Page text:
What about Romeo and Juliette, or Tony and Maria, for that matter—teen protagonists set in a love story? YA? Not according to Graham’s definition, because what they did besides break your heart is to put love into a wider context. They made readers wonder if pure, unadulterated love can exist in this world, made them sad that it can’t. Made them think about tribes and the tragedy of prejudice (and of course, written by Shakespeare and scored by Bernstein, they are classics).
“Serious literature” challenges us and strives to say something beyond the story it’s telling. It would have been nice if instead of attacking adult fans of YA, Graham had asked what’s driving the need to be comforted and entertained as opposed to being stretched intellectually, provoked, or made uncomfortable? Nothing wrong with escape. Let’s take that magic wand of Harry Potter! Sometimes we need sharply drawn distinctions between good guys and bad ones. We need some measure of predictability in an uncertain world. Maybe this is such a time. We need escape from culture wars, climate change, terrorist threats, mass shootings, foreign wars. We need to root for someone—the kid with cancer, the underdog team. We know Jack Bauer will win, but we want to lose ourselves in how he’s going to do it this time around. Fiction that serves this purpose doesn’t make us think big thoughts. It lets us stop thinking for a bit and just feel.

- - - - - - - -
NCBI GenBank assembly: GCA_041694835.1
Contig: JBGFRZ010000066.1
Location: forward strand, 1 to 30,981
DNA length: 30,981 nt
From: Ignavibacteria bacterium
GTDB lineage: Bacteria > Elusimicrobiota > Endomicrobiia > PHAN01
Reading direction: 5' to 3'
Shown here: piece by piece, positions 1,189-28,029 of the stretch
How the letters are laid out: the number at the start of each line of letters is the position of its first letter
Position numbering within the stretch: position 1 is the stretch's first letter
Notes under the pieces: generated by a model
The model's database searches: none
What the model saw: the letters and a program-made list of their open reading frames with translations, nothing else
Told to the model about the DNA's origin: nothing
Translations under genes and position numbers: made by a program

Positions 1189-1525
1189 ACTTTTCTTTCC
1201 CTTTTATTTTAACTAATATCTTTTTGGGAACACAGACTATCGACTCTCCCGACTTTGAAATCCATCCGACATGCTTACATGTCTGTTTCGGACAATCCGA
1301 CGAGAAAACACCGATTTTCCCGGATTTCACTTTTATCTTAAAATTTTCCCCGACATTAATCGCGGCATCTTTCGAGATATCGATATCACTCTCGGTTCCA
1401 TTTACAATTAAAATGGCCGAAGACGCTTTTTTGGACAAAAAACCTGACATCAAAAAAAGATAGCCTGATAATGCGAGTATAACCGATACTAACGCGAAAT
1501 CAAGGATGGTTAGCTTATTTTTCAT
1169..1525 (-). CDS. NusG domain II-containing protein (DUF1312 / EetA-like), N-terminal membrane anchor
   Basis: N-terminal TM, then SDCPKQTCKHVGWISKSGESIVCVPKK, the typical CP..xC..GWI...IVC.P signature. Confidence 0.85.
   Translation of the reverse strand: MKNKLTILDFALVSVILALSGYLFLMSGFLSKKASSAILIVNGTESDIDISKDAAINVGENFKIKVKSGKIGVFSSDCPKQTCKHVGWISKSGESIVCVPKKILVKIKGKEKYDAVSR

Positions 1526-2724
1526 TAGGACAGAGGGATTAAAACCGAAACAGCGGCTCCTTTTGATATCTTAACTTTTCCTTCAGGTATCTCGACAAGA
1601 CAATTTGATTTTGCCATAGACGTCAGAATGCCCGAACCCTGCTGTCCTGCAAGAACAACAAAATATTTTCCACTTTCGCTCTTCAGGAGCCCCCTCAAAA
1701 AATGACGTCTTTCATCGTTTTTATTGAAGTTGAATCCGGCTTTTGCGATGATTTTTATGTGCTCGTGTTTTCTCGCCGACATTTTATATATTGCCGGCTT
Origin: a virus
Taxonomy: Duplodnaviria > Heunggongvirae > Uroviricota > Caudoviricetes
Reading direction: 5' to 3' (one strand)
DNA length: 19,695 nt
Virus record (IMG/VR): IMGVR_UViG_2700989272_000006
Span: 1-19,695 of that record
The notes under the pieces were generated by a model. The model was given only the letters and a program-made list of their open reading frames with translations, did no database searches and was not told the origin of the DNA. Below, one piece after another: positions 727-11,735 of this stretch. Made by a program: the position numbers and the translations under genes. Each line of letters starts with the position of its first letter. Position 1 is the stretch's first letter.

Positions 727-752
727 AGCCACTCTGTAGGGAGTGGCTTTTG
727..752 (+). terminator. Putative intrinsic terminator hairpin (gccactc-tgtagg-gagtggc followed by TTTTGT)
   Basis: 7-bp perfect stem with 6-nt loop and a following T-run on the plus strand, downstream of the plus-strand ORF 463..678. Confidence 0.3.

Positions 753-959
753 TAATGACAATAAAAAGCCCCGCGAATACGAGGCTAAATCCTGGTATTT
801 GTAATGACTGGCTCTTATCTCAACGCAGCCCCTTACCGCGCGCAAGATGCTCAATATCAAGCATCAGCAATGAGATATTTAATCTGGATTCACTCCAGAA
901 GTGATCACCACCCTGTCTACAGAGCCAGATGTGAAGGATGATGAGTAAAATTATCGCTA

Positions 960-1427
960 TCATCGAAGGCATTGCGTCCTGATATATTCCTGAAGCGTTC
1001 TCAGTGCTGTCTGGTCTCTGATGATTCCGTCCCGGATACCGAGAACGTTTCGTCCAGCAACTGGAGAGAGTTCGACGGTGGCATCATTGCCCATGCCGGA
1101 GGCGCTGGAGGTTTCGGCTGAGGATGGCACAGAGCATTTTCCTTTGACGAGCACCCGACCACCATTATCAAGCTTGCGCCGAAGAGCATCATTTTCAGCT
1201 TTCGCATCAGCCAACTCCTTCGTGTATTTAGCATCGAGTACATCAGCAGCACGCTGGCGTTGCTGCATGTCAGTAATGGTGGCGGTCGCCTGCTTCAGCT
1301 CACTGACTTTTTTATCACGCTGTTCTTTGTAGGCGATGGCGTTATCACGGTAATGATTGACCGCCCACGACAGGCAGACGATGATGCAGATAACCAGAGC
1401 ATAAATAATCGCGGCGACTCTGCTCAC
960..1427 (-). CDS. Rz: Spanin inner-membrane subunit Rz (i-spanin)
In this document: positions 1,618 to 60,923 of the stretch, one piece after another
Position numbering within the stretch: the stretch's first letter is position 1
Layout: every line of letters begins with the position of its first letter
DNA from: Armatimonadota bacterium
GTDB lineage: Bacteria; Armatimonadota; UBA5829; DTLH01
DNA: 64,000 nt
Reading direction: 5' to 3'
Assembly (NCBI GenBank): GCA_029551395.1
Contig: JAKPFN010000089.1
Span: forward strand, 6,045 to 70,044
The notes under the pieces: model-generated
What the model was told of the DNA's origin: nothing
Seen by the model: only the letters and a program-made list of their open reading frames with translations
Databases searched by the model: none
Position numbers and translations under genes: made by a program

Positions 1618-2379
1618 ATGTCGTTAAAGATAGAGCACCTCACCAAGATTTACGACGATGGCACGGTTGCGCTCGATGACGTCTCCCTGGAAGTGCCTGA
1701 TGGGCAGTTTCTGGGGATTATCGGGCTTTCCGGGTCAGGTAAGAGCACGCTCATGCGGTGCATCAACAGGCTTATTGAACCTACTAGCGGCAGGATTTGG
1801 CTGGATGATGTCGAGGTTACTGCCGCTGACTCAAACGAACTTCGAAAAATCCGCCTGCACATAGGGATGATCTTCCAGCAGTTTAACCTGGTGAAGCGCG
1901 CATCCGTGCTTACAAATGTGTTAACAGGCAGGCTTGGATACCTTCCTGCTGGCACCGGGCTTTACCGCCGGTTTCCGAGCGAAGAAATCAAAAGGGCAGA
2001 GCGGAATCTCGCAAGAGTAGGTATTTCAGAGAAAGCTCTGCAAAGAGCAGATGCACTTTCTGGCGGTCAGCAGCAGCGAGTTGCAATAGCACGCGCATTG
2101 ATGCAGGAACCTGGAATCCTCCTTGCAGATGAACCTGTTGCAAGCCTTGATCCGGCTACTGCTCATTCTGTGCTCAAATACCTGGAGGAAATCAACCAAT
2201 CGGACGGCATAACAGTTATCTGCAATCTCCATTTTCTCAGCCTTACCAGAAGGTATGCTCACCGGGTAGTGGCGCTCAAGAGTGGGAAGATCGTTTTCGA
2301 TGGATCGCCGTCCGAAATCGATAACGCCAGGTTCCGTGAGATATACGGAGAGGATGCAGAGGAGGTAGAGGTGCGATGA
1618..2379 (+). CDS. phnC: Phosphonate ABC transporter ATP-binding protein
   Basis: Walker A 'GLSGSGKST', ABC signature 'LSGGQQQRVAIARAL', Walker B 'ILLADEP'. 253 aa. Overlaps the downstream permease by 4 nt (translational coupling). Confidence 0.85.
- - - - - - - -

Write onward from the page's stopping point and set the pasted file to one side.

Which brings us to the other issue you raised—The Goldfinch, the lens through which Vanity Fair chose to explore whether a book should be judged by standards that rise above personal taste, and who gets to decide? The judges of the Man Booker and Pulitzer? Critics in the New York Review of Books? What’s their criteria and how dare they? Populists would say that the opinions of these self-styled arbiters of culture are no more valid than those of the man on the street, and they would be right. Reading is subjective, and readers themselves should not be judged by their choices any more than by the clothes they wear (nor a book by its cover!).
But we do judge people by their behavior, by whether we believe they are authentic, other-centered and so on. So, too, books can and at some level should be judged on their merits, by their success in meeting their own goals, be they to help us escape or challenge us. Sales figures are very different from merit. In nonfiction, merit might be accuracy of facts presented in fluid, readable prose at a level that meets the target audience. In fiction, at the very least it’s memorable characters, strong narrative voice, a good plot, and prose that matches the story told. Stories vary on these criteria, but most of the good ones meet at least two; the best meet all four.
Who decides? Whose reviews count? Like most people, I enjoy consumer reviews. But I also subscribe to the Sunday NY Times, the New Yorker, the New York Review of Books, and yes, even the London Review of Books, some of the few outlets left that review in depth. Sure, the critics there can sometimes be pompous, and I don’t always agree with them. But I’m a big fan of the long-form essay written by someone whose credentials as a critic I trust, presented in an article with enough space to really develop ideas and put a book into a larger context.